Choreographers: Kenneth Macmillan, Frank Andersen, Eva Kloborg
Music: Gustav Mahler. Herman Severin Lovenskiold
Reviewer: Maggie Constable
At Milton Keynes this week English National Ballet stages a mix of wonderfully romantic ballets and challenging choreography in the form of La Sylphide and Song of the Earth, which has rightly received tumultuous praise from both critics and the public.
First seen on stage in 1965, Song of the Earth was the moment when Kenneth Macmillan’s particular choreographic style first became apparent and audiences were wowed by it. Its point of inspiration was Mahler’s Das Lied Von Der Erde and it pulls together poetry, music and dance encapsulating life’s inevitable and delicate cycle which is ever renewing. To the side of the stage, Flora McIntosh, mezzo-soprano, and tenor, Simon Gfeller, sing the six songs in German which accompany each piece. We are taken through the seasons and through life with three central characters: The Woman (Tamara Rojo), The Man (Joseph Caley) and The Messenger of Death (Aaron Robinson). The three dancers, in simple but effective grey, white and black costumes, work well together to create the image of ever-changing life. Each demonstrates immense skill and fluidity of movement with the apposite poise just when required. The hand gestures and the leaps from both men are very impressive as are Rojo’s incredibly fast point steps toing and froing across the stage in a whirlwind of emotions. Some humour appears amidst the poignancy and works well, as does the last and truly powerful movement as the three edge forward at an agonizing pace to front stage. Plenty to think about in this choreography and very much of its time.
La Sylphide, by utter contrast, tells us the story of James’ love for his fiancée Effy and how, just before the day of his wedding to her, James is awoken in his armchair by the fire to find a vision of an eerie, enticing Sylphide with whom the young man becomes gradually and dangerously infatuated. Thus begins a roller-coaster of events which develops into deep sadness, pure obsession, utter betrayal and finally a horribly tragic ending. August Bournonville’s ballet is a classic in every sense and defines the word ‘romantic’ in this context. The music, from Herman Severin Lovenskiold, enhances the narrative so well. Both music and dance enchant us, entwined as they are. The Scottish Highland dancing is wonderful and so joyous, the children do a superb job and are constantly smiling. Erina Takahashi brings us the delicate, almost fragile but alluring Sylphide so beautifully and, while on this occasion there were a couple of errors, this did not spoil the overall performance. Such flowing and gentle, graceful dancing like clouds floating in shimmering sky. By contrast, Jeffrey Cirio’s frenetic and dazzlingly speedy flights across the stage are energetic and dynamic. Jane Haworth gives a great character performance as Madge, the wily witch and is totally convincing.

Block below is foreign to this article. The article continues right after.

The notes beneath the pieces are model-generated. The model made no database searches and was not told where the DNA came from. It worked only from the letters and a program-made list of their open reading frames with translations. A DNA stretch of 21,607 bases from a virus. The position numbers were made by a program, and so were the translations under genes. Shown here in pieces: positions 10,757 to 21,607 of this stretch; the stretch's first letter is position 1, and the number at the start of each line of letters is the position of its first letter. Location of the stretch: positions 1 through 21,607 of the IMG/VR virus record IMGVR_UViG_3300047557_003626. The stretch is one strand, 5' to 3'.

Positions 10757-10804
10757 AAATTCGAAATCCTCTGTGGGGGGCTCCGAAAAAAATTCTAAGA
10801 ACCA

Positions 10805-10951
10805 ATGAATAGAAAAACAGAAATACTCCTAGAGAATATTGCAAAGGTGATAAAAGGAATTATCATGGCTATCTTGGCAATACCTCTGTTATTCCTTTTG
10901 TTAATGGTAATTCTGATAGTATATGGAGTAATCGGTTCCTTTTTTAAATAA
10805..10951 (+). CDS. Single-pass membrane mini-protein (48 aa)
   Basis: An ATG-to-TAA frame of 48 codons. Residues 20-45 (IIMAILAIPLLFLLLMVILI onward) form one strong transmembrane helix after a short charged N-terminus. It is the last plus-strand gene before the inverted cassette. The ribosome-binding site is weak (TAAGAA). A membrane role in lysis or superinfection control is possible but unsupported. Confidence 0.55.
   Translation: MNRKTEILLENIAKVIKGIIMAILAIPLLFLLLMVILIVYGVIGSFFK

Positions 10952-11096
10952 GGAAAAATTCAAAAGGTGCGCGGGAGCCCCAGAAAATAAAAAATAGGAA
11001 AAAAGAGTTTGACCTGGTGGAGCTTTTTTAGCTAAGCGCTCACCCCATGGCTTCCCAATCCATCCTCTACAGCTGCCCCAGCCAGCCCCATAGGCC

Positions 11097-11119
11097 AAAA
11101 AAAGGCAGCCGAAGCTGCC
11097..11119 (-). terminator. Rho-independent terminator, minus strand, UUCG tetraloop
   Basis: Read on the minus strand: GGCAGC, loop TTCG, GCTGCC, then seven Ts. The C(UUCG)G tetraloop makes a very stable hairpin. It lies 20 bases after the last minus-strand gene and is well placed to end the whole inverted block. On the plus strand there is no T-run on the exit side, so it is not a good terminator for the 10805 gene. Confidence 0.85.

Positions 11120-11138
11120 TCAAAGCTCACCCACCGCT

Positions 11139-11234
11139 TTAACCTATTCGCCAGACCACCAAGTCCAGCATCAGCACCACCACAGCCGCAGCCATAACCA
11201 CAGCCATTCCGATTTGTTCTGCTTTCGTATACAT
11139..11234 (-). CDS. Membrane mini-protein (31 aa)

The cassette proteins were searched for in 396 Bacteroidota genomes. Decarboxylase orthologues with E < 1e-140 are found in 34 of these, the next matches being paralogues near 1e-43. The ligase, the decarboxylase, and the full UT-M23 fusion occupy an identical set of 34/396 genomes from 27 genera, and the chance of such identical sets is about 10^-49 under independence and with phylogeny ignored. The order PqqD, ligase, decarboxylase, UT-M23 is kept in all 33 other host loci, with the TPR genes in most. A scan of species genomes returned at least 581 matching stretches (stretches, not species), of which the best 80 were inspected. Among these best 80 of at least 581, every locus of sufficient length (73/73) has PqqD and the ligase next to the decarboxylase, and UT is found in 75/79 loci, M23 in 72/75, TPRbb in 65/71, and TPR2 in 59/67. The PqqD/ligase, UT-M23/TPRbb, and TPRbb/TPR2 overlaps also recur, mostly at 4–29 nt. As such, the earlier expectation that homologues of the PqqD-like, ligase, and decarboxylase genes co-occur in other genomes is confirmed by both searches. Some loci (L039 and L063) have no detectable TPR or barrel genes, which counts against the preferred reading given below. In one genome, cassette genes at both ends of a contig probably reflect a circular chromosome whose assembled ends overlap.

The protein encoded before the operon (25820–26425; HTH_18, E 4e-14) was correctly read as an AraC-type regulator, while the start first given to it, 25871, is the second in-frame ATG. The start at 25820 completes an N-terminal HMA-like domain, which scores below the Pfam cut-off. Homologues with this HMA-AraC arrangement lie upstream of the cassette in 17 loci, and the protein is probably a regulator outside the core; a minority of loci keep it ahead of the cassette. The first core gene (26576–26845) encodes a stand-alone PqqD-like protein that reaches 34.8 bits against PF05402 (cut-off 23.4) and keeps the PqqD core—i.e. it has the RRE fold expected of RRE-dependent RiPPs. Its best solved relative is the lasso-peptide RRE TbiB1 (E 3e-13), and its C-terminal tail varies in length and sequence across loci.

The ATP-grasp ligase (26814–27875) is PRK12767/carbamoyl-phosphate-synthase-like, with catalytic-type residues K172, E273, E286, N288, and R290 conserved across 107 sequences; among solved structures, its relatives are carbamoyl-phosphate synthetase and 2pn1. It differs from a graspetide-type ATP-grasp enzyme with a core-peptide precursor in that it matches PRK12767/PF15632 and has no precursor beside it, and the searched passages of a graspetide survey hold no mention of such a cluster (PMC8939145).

All music is played by a live orchestra, the English National Ballet Philharmonic, under the direction of Gavin Sutherland. The harps and the oboes, in particular, are a delight. The castle and forest sets from Nicholas Georgiadis work perfectly in the second ballet – very evocative.
These delightful works are part of a bold attempt by English National Ballet to bring a real range of dance to audiences at the same time as making the pieces accessible and this the company has certainly achieved. An engrossing and enjoyable evening’s entertainment.
Runs until 201 October 2017 and on tour | Image: Laurent Liotardo